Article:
The anonymous website and campaign identified only as ‘Mainstream Network’ was discovered by Campaign group 89up. Clicking on the Facebook adverts by Mainstream Network takes users to a page on their local constituency and MP, and clicking from there was found to generate an email to their MP requesting that the Prime Minister should abandon her Chequers Brexit deal. It has also been discovered that a copy of each of the emails is sent back to Mainstream Network.

11 Million People Reached

Campaign group 89up estimate that the unknown backers of Mainstream Network must have spent in the region of £257,000 to date on the Facebook adverts, which 89up estimate could have reached 11 million people.

What’s The Problem?

The problem with these political adverts is that Facebook has recently announced new rules in the UK that require anyone wishing to place an advert relating to a live political issue, promoting a UK political candidate, referencing political figures, political parties, elections, legislation before Parliament and past referenda that are the subject of national debate, to prove their identity, and prove that they are based in the UK. Policing this should involve obtaining proof of identity and where they are based e.g. by checking a passport / driving licence / resident permit. According to Facebook, any political adverts must also carry a “Paid for by” disclaimer to enable Facebook users to see who the adverts are from, and the “Paid for by” link next to each advert should link through to a publicly searchable archive of political adverts showing a range of the ad’s budget and number of people reached, and the other ads that Page is running, and previous ads from the same source.

GDPR Breach Too?

It is also believed that sending a copy of the email back to Mainstream Network, in this case, could also constitute a breach of GDPR.

First Job For Facebook’s Nick Clegg

What to do about Mainstream Network and their campaign could end up being the first big task of Facebook’s newly appointed global communications chief and former deputy PM Sir Nick Clegg. It’s been reported that Mark Zuckerberg himself and Facebook’s chief operating officer Sheryl Sandberg were personally involved in recruiting Mr Clegg given the importance and nature of the role.

What Does This Mean For Your Business?

After Facebook announced new rules to ensure political ad-transparency, the discovery of Mainstream Network’s anonymous adverts and the scale of the ad spend and reach must be at the very least embarrassing and awkward for Facebook, and is another piece of unwanted bad publicity for the social network tech giant. Whatever a campaign of this kind and scale is for, Facebook must really be seen to act in order to retain the credibility of its claims that it wants political ad transparency, not to lose any more of the trust if its users and advertisers, and to avoid being linked with any more political influence scandals.

Facebook has recently faced many other high profile problems including how much tax it pays, the scandal of sharing user details with Cambridge Analytica and AggregateIQ (over the UK referendum), a fine by the ICO for breaches of the U.K.’s Data Protection Act, and a major hack, and is perhaps with all this in mind that it has hired a former politician and UK Deputy Prime minister. Some political commentators have also noted that it may be very useful for Facebook to have a person on-board who knows the key players, who has reach and is able to lobby on Facebook’s behalf in one of its toughest regulatory areas, the European Union.

Facebook Messenger May Introduce Voice Commands

It has been reported that Facebook has been testing how voice commands could be used in its Messenger platform to help users to send messages, initiate voice calls and set reminders.

Internally Testing

Facebook is reported to have confirmed to tech news platform ‘TechCrunch’ that it is internally testing a prototype of voice control (which was discovered by a TechCrunch tipster) in the M assistant of Messenger.

Facebook’s new speech recognition feature goes by the name of ‘Aloha’. It is believed that Aloha will be used for Facebook and Messenger apps, as well as external hardware. The Aloha voice assistant could become part of Facebook’s planned Portal video chat screen device / smart speaker, which is currently in development.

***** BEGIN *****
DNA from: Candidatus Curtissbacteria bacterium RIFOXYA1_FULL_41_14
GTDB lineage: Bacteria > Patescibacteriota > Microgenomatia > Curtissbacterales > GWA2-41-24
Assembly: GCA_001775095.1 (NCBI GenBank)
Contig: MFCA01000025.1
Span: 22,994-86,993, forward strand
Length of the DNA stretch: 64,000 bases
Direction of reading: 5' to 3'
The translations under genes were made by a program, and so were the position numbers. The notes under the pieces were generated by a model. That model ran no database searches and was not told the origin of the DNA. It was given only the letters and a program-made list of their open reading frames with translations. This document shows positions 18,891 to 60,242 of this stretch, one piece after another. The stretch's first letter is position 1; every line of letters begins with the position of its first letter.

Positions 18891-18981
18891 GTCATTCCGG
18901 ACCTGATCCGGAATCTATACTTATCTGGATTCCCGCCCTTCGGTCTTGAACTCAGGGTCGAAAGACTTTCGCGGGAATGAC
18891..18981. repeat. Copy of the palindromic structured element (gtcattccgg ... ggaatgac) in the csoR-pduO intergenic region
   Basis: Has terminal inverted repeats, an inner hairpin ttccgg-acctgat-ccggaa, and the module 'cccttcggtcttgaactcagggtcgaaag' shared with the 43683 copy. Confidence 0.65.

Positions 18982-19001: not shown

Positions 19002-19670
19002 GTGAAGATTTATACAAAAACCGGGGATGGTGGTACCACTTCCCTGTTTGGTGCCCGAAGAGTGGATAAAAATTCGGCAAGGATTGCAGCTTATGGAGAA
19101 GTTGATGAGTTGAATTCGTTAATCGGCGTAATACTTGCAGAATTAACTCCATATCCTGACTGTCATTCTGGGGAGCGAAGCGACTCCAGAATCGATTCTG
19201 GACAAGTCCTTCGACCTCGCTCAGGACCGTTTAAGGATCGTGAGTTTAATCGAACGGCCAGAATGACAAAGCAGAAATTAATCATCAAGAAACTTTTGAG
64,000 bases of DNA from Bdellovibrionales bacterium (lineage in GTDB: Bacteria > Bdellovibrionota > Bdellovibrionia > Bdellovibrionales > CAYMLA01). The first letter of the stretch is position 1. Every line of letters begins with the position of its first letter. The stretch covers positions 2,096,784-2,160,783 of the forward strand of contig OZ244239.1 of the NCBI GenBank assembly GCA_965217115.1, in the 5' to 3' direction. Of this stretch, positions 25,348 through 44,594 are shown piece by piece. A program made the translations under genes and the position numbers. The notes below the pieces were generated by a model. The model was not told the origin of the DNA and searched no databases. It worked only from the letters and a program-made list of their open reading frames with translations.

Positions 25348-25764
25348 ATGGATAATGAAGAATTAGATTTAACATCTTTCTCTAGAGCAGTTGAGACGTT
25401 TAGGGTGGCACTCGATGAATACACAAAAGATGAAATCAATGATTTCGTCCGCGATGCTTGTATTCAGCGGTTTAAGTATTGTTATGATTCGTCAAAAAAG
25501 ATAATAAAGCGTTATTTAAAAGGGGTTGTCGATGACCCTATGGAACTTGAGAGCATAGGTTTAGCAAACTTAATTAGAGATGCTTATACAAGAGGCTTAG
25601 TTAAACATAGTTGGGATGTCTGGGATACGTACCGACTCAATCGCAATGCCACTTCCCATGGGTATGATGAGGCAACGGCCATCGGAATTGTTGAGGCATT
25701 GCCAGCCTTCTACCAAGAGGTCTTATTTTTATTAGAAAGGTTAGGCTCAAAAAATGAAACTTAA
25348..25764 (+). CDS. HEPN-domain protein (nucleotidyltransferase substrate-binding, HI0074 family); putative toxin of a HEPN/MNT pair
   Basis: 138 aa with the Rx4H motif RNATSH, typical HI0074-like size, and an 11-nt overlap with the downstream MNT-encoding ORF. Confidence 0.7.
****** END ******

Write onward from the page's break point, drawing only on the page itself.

Benefits

Enabling voice control in the Messenger platform could bring considerable benefits to users, such as being able to use Messenger ‘hands-free’ in the car, improving accessibility, and generally making it easier for people to use the Messenger platform in the home and on the go.

How Will It Work?

Initial reports indicate that Aloha will be activated in Messenger by tapping an M assistant button which will appear at the top of a message thread screen. This will enable listening for voice commands.

Need To Differentiate

Apart from the obvious, high profile, negative publicly over the Cambridge Analytica data sharing and the recent massive hack, Facebook has experienced challenges in recent times as many of its younger users have moved to Snapchat. Facebook bought Instagram in a move that many saw as a way to attract the young users that moved from Facebook, but this strategy doesn’t appear to have been highly successful.

Adding a voice assistant to Messenger could, therefore, be a way for it to tackle part of this issue, and to differentiate its Messenger option from competitors such as SMS, Snapchat, Android Messages, iMessage and other texting platforms. Facebook is also known to be experimenting with other visual features such as Facebook Stories, augmented reality filters and more in order to help engage and retain users, and differentiate its services.

What Does This Mean For Your Business?

Facebook has been relatively late to the market with a digital voice assistant, but it appears to have found a way to deploy it at a time when it may be most needed to help differentiate its services from competing services, and to generate some good publicity amid the bad.

One of the biggest challenges that Facebook has at the moment, apart from the fact that Snapchat, iMessage, WhatsApp and other services are already popular and users may be loyal, is one of trust by users. The Cambridge Analytica data sharing scandal, and the recent hack which could have more reverberations as cyber-criminals sell and use the data they stole, may mean that users may not trust Facebook to handle their speech data as responsibly as they would like. There are, for example, stories of how other digital voice assistants have listened-in on their users e.g. back in May when an Amazon Echo (Alexa) recorded a woman’s conversation and shared it with one of her husband’s employees. It remains to be seen, therefore, whether users will now be willing to trust Facebook with what is still quite a sensitive area of personal data governance, particularly where business conversations are concerned.